India’s telecom regulator TRAI needs to look, once again, at the usage of the transactional SMS pipe for promotional messaging. Last year, the TRAI, following reports highlighting the misuse of the (cheaper) transactional SMS pipe for promotional messaging had said that it would ban telemarketers that use the transactional pipe for promotional messaging. While the regulator can do little to control SMS Spam originating from SIM cards bought for mass messaging, except increase interconnect charges, the use of the transactional pipe for messaging can still be controlled. Transactional messages meant to be sent by companies to their customers following the completion of a transaction, and are typically related to ticketing, bookings or purchases, or a users account status. Messages such as those below, from e-commerce players Jabong, Yebhi and Myntra, are clearly promotional in nature, and are not transactional messages, in our opinion:

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In fact, there are several complaints on Twitter about Myntra (see this), Jabong (see this) and Yebhi (see this) spamming users.

The TRAI regulation on telemarketers using the transactional pipe states that the telemarketers they will be barred from sending both promotional and transactional messages. I have used Jabong once (last year), hence my details are in their database. However, that doesn’t give them the permission to send promotional messages to me. Even in case of a registered company, which is allowed to send transactional messages, there are specific guidelines to follow, which, appears, haven’t been followed: there is no consent sought, no opt-out information, and there was no request from the subscriber (me), which can be verified.

Perhaps it’s time the TRAI also created SMS Spam guidelines which cover marketers (not just bulk SMS companies), and telecom operators.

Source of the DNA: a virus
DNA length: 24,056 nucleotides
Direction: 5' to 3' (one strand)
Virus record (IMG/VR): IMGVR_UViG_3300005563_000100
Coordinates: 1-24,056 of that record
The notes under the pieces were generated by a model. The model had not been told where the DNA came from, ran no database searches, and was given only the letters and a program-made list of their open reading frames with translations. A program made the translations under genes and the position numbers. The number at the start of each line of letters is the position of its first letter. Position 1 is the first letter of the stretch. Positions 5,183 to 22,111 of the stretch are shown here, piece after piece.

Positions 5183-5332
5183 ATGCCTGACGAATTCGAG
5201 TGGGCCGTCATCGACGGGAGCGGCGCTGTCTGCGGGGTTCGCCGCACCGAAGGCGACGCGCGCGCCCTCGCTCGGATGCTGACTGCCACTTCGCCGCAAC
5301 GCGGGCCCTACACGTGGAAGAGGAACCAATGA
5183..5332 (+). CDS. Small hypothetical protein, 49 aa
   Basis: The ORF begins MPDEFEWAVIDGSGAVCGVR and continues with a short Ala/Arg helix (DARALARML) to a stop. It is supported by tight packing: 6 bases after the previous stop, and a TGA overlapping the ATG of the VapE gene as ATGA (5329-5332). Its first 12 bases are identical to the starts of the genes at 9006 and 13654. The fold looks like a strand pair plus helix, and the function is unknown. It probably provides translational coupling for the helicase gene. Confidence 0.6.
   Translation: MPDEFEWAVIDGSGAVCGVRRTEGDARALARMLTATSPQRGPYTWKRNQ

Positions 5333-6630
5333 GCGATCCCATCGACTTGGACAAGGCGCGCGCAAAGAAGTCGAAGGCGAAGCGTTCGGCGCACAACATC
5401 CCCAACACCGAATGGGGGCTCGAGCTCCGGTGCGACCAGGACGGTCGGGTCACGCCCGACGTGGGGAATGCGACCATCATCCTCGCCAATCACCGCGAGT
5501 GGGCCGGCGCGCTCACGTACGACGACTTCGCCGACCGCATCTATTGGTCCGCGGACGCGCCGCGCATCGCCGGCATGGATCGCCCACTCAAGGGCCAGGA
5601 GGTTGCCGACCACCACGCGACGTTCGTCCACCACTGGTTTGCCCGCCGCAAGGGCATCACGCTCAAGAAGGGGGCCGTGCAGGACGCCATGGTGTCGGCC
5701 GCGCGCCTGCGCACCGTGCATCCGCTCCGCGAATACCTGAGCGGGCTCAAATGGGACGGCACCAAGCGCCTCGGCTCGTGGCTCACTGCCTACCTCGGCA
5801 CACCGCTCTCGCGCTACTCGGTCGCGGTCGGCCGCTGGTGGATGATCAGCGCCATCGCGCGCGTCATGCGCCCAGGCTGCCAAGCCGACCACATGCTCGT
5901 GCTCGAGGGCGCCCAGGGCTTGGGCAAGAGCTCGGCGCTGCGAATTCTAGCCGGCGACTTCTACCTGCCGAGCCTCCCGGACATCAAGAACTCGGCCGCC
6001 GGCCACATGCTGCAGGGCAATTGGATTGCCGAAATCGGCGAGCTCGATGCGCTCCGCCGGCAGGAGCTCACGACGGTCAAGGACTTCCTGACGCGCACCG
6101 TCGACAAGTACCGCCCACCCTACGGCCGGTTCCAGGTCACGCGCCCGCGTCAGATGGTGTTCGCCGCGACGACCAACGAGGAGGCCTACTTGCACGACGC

Hiking charges, like what the TRAI did in May this year, is clearly not helping, and these messages are despite the fact that I’m on the Do Not Call registry. The complaints process is now clearly not working: even when one does file a complaint these days, there is no response on any action taken.

If you’re receiving promotional messages via the transactional pipe, please do leave a screenshot in the comments.

USSD Spam

It also appears that there is now spam which one doesn’t quite know how to complain against: On USSD (and to me this appears to be USSD based, so correct me if I’m wrong), I received the following messages a couple of days ago:

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There is no identification information here, so even if one does want to file a DND complaint, one doesn’t quite know how to do that. In my opinion, the telecom operators need to be held accountable for allowing this, because, while SMS can originate from any telecom operator, USSD pushes can only come the host telecom operator. I’m on Airtel, but this again begs the question – how can one register a complaint when the message is via USSD? Can users be expected to file screenshots? How does the regulator verify that screenshots aren’t fake?